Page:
A guide to the New East
New East 100


Lola Paprocka

The Polish photographer getting to the heart of brutalist Belgrade

Lola Paprocka arrived in London from Poland in her teens. Since taking up photography, and single-handedly founding Palm* Studios to support other lens-based artists, she’s found yet another home in Belgrade.

She travelled to the Serbian capital in 2015. One of her first projects, as well as one of Palm’s first publications, titled Blokovi, was dedicated to New Belgrade.

The neighbourhood was built after the Second World War and meant as a new capital and unified centre of the Federal People’s Republic of Yugoslavia, to stand across the river from historic Belgrade.

The legacy of this move for the surrounding area is a large grid made up of 72 concrete apartment blocks, or blokovi.

These brutalist edifices, among which is the the Western City Gate, a skyscraper formed of two towers connected by a bridge, are now recognisable landmarks.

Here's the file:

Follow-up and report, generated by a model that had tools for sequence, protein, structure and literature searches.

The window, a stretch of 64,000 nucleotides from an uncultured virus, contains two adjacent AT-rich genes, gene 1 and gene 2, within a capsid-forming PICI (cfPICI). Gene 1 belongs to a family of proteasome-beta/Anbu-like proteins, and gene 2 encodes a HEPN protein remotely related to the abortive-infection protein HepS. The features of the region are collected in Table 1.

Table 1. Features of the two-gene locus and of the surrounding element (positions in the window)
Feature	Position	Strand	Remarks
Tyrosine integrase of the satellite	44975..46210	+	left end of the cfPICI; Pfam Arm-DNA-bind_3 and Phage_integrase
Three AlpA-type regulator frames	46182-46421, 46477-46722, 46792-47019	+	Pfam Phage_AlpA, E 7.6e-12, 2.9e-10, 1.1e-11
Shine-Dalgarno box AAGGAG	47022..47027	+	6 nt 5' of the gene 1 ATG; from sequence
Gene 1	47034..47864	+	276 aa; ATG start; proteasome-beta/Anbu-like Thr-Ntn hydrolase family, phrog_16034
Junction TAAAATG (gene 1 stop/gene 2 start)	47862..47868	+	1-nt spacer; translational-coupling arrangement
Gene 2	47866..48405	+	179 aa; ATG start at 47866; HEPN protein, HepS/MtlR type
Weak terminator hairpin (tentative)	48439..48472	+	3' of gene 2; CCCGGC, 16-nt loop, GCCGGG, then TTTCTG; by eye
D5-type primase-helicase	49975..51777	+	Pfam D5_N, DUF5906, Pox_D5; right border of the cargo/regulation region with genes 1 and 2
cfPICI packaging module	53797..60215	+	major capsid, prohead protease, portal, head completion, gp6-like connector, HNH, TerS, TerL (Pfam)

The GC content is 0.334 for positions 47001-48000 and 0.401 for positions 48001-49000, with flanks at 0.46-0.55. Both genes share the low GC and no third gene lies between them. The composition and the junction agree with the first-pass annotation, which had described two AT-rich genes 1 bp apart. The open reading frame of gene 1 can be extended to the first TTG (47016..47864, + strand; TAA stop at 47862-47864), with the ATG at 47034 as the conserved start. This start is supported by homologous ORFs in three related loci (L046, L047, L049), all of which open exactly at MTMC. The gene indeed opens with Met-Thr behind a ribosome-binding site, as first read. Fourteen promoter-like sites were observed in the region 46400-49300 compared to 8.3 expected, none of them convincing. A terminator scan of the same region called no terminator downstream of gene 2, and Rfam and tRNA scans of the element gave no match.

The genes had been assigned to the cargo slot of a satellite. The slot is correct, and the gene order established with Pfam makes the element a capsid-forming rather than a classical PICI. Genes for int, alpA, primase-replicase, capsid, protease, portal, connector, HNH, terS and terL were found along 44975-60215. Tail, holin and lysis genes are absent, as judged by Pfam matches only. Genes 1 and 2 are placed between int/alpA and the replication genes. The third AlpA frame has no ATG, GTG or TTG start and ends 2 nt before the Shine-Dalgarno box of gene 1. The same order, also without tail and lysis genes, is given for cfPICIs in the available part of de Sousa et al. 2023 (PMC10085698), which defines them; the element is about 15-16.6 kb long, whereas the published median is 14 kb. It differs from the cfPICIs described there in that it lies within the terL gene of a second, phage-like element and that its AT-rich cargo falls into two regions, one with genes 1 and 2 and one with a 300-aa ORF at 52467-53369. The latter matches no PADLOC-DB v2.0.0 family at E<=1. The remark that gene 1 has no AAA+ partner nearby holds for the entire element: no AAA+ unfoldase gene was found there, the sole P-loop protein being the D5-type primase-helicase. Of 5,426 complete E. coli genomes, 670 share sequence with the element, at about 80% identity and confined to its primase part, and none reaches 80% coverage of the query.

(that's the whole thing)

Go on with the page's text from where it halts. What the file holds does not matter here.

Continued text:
Paprocka was drawn to the community of the neighbourhood, which reminded her of her native Poland.

She photographed residents, without focusing on any particular group of people.

In the spaces between the apartment blocks she captures the coming together of socialism and capitalism, of generations old and young, of cold brutalism and August heat.

The project was a collaboration between Paprocka and her friend and curator Mima Bulj, who was born in block 29 of New Belgrade. With Paprocka based in London and Bulj living in Melbourne, this series had brought them together back in the East.

Blokovi received the Unveil’d Photobook award in 2016. Paprocka’s latest book, about a former stunt riding cowboy in the US, produced in collaboration with photographer Pani Paul, is out now.

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